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Local Development Environment

This document will help you get set up with a local development environment, including an Apache Web Server, PHP 8.1, and a PostgresSQL database. We will be using a Docker container to (hopefully) provide easy cross-platform setup; hey, it even worked on my M2 Macbook Air!

Installation Guide

The following steps will guide you to install Docker and our environment.

  1. If you do not already have Docker installed from another class, download and install Docker Desktop from the Docker website.
  2. Next, download our pre-configured Docker container setup.
  3. Unzip our Docker container setup to a local directory of your choosing. This will be where all your local classwork will reside this semester.
  4. Open Docker Desktop and choose “Dev Environments” and then select “Create”. Follow the promts, name your development environment, for Choose source select “Local directory” and then select the folder you just unzipped. After clicking Continue, Docker will download, install, and run our development environment.
  5. Open your browser to http://localhost:8080 to see the test page displaying the PHP configuration settings. This is the URL you’ll use to view your site locally for the semester.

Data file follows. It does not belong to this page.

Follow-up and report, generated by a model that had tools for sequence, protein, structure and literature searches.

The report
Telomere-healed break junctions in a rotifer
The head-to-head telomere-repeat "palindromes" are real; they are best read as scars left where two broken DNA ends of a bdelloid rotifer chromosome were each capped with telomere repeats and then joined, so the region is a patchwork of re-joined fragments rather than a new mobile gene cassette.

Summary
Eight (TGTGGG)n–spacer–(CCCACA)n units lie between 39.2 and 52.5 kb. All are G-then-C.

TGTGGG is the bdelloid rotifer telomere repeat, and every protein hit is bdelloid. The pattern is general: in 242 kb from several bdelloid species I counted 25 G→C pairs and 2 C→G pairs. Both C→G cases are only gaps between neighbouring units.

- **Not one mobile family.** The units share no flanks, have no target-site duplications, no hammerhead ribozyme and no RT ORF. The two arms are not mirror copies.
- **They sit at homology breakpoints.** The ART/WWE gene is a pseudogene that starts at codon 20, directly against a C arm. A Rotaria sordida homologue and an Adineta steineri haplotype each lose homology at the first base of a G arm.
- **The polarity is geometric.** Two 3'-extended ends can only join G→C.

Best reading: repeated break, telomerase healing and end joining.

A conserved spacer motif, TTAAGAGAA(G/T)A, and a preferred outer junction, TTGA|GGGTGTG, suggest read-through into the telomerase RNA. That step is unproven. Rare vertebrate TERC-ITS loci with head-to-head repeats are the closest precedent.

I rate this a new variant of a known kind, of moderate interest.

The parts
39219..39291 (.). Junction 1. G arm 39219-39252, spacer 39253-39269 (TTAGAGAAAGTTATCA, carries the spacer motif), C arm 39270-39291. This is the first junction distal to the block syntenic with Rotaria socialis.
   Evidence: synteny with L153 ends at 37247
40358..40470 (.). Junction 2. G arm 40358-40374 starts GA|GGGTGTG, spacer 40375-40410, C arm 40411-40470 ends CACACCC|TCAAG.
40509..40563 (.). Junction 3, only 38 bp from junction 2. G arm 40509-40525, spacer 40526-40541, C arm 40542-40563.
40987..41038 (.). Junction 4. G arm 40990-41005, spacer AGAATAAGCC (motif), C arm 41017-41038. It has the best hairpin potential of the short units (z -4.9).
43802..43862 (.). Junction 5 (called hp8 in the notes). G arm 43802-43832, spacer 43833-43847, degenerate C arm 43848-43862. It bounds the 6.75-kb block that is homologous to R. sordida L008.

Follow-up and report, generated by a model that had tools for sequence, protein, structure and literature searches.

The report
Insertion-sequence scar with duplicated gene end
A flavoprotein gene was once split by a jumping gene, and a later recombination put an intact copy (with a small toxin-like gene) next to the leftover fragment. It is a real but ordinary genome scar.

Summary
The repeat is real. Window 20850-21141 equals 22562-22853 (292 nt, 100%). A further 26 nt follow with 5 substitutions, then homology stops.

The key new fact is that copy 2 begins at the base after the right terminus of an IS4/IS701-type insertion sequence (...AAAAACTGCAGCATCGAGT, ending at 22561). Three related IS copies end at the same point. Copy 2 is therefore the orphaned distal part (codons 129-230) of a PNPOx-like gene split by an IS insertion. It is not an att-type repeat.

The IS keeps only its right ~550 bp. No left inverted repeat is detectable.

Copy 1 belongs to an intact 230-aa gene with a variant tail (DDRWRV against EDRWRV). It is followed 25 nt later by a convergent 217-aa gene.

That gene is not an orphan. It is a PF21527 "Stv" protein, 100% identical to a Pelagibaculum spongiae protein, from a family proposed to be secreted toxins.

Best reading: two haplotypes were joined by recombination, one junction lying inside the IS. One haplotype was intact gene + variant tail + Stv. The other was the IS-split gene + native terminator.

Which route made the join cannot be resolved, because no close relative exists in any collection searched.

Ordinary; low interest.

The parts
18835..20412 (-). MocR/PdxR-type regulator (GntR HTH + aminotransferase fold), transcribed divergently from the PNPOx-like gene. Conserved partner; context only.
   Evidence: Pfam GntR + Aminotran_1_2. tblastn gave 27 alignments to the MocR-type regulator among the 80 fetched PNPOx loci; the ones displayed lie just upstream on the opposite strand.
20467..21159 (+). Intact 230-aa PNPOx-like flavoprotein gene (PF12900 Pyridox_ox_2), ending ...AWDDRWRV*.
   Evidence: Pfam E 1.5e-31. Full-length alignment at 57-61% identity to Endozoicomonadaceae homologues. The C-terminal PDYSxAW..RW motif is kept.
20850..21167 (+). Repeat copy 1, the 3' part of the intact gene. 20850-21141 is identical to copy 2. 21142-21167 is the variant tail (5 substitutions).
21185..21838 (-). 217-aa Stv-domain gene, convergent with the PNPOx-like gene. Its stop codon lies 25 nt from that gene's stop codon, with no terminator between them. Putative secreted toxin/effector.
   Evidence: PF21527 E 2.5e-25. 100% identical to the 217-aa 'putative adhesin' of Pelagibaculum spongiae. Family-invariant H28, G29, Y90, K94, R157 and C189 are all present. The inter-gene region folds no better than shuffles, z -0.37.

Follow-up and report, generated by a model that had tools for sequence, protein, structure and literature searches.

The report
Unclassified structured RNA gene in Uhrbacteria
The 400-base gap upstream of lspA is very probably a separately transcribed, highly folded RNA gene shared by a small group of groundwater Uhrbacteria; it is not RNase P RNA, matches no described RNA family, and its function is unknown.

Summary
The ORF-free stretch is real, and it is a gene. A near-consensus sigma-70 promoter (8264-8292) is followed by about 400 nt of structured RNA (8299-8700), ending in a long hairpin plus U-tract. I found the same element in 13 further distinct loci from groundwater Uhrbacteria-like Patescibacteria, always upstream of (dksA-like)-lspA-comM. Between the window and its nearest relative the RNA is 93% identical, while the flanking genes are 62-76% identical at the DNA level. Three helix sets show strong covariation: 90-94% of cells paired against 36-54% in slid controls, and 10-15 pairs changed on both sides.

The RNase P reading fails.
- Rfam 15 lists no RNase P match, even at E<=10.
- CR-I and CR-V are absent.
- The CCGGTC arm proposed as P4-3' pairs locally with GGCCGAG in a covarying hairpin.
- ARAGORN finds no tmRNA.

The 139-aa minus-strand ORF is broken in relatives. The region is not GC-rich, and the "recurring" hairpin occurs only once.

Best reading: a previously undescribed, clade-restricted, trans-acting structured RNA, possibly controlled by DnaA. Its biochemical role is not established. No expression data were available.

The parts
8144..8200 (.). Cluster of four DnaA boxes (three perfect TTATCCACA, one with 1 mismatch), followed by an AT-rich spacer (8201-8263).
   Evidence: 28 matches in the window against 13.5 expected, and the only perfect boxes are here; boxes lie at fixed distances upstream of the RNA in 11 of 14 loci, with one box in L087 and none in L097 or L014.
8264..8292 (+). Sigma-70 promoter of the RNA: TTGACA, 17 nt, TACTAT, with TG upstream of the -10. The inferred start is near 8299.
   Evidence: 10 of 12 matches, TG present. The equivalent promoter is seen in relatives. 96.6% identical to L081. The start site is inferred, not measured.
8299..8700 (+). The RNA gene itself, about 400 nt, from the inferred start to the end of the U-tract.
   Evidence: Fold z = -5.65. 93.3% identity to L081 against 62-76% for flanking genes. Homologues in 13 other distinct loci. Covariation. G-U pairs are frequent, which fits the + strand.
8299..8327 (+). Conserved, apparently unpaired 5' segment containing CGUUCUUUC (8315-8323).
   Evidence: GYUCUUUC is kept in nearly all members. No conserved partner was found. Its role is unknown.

6. Test the database by browsing to http://localhost:8080/postgres.php. If you see “Success connecting to the database” then everything should be set up correctly.

Managing the Local Servers

The local development environment runs when Docker is open. You should see the environment we created under “Dev Environments” in the Docker Desktop application. There are 3 independent containers: a main container for the application, db containing the Postgres database, and web running Apache and PHP.

Hovering over the environment will provide options to open the files, stop (or start) the environment and its containers, or delete the environment. The development environment should stop automatically when you exit Docker Desktop.

Working Locally

Once the local development environment is installed, you may use the editor of your choice. We’d recommend VSCode, Atom, or vim as potential editors, although you should pick one that you’re comfortable with. (See Homework 0 to get started).

Load the directory that you unzipped (our development environment) as a project into the editor of your choice. You may also edit the files directly from Finder or Explorer. Use the following directories to publish your code locally:

  • web/www - this is the directory that Apache serves. Any file in here will be available through Apache at http://localhost:8080/filename. You can see two files by default, index.php and postgres.php.
  • web/src - this directory is available to Apache (and your PHP code), but it is not served by Apache directly. Files in this directory are not directly available on http://localhost:8080 but may be included by files in the www directory. This is a great place for files containing passwords, user data, etc.

Connecting to Apache

By default, our environment is set to host the web server on port 8080. To view your website locally, navigate your browser to http://localhost:8080/. Initially, you should see the PHP Information page displaying all the configuration. You can modify or delete this page by editing the web/www/index.php file.

Connecting to PostgresSQL

PostgresSQL is running in a separate container and is available on port 5432. View the web/www/postgres.php file to see an example connection under PHP. You should also be able to connect to your local Postgres server using external tools such as pgAdmin.